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We have established the forces required to heel the boat under sail. Now we have to establish at what point or points these forces are acting on the mast. For simplicity at the moment we will assume that the vessel has just the mainsail set, no other sails. We will tackle more sails and two masts later on.
The simplest way of looking at this is to assume that all the forces acting on the sail were concentrated at the centre of pressure. We actually use the centre of geometric area of the sail as an approximation of the centre of pressure (see the article on Balance). This is called the Centre of Effort (CE).
On Design 152, with the rig we are considering for this article, we have the following sail areas and CE positions:
Mainsail Area (SAmain) | 19.000 | m^2 |
Mizzen Area (SAmizz) | 5.640 | m^2 |
Mainsail CE to Partner (Lmain) | 3.705 | m |
Mizzen CE to Partner (Lmizz) | 2.720 | m |
With only the mainsail set, the whole of the force to heel the vessel comes from the mainsail and the force (F) acting at the CE is found from the formula F = RM/L.
Fmax = RMmax/Lmain = 7,030.729/3.705 = 1,897.633 N
F30 = RM30/Lmain = 4,048.881/3.705 = 1,092.815 N
At this point we need to consider what material we are going to make the mast from and have a stab at the approximate size. When doing this for real, it is pretty simple to build a spreadsheet with appropriate formulae in it and then keep entering spar diameters and material data until the right safety factor emerges. For the purposes of this article. I will use the mast sizes that we derived from this for Design No. 152. Note that the ^ sign means "raised to the power of", so 123^3 means 123 cubed, that is the same as 123 * 123 * 123.
Wood – Douglas Fir, we need to know:
Modulus of Elasticity (E) | 13,400 | N/mm^2 |
Rupture strength (R) | 69 | N/mm^2 |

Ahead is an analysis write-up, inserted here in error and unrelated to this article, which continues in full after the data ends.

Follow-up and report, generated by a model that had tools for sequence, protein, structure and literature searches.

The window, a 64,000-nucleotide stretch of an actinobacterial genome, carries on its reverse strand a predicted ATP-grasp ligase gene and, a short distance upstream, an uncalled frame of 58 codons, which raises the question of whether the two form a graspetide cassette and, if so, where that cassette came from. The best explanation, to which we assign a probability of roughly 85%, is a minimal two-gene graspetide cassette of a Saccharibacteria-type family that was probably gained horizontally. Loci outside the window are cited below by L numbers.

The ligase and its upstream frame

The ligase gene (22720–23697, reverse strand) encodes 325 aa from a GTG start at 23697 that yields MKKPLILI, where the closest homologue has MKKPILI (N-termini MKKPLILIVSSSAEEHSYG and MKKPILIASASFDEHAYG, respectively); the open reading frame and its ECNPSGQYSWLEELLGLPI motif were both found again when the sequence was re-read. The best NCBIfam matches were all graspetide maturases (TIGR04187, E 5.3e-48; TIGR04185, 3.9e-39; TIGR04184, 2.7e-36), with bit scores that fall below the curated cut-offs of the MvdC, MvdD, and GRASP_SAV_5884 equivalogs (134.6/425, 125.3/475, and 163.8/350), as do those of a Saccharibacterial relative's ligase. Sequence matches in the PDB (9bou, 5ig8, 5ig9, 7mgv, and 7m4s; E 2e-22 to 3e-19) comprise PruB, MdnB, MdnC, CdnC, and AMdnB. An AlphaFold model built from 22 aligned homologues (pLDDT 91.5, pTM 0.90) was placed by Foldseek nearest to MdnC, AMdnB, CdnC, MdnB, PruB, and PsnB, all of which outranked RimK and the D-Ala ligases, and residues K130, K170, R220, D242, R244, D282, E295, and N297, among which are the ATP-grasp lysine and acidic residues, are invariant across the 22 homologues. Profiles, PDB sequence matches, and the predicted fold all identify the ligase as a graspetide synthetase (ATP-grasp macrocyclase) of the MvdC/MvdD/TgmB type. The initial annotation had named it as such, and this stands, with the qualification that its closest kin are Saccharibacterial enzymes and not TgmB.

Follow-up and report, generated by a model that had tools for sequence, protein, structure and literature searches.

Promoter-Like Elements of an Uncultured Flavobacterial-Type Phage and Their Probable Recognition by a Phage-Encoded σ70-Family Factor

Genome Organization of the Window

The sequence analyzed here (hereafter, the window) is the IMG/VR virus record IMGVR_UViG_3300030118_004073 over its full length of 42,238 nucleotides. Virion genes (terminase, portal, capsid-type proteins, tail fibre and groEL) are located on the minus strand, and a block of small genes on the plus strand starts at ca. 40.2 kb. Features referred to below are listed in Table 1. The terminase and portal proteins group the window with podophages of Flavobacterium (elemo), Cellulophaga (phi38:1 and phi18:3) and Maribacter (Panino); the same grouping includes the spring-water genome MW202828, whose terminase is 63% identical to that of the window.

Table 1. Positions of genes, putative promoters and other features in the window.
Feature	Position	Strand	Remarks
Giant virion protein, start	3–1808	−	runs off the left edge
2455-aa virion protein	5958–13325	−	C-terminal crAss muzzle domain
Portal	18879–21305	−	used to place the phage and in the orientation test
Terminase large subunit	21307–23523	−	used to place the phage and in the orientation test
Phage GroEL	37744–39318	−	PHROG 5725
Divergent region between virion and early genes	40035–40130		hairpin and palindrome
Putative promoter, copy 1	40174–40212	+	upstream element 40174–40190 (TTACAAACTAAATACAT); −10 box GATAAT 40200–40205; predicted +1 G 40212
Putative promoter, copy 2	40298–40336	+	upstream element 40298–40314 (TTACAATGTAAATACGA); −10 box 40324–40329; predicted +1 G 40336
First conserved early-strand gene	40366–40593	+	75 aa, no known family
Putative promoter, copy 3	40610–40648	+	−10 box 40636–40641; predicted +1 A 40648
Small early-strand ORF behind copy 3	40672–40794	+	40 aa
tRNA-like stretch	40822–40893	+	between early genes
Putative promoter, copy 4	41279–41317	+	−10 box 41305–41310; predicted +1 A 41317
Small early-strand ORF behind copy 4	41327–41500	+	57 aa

Weight (W) | 480 | kg/m^3 |
We decided on a outside diameter (D) of 150mm as a starting point. With hollow timber masts, the wall thickness is normally 20% of the diameter. This will give us a wall thickness of 150 x 0.2 = 30, and an internal diameter (d) of 150 - (2*30) = 90mm. We will also taper the mast so that the diameter at the head is 60% of the diameter at the partners. This doesn't affect the strength calculations (because we are only interested in the strength at the partners), but it does make the spar lighter, which will be of interest when considering which material to use on the basis of the weight of the spar. We will deal with the weight calculations later, once we have finalized the basic diameter.
The diameter of the spar gives us the distance to the neutral axis (y) – this is the axis about which the spar can be considered to bend. With a circular mast the neutra axis runs through the centre of the circle. So y = D/2. Now we can calculate the Moment of Inertia (I) and the Modulus of Section (Z) of the spar
The formulae are:
I = π(D^4-d^4)/64
Z = I/y or put another way, Z = π(D^4-d^4)/32D
Working these out for our Ø150mm spar, we have:
y = 150/2 = 75 mm
I = 3.142(150^4 - 90^4)/64 = 21,629,865.420 mm^4
Z = 21,629,865.420/75 = 288,398.206 mm^3
You will often find Moments of Inertia given in cm^4 because this simply gives more handleable numbers. To convert from mm^4 to cm^4 you have to divide by 10^4. Our figure above would thus be 2,162.987 which rounds off to 2163 cm^4. For our purposes here we will stick with mm^4.
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© George Whisstock. This article is for information only and may not be commercially reproduced in any form or used in any way without permission. Do not use this material as the basis for designing a mast without professional advice.
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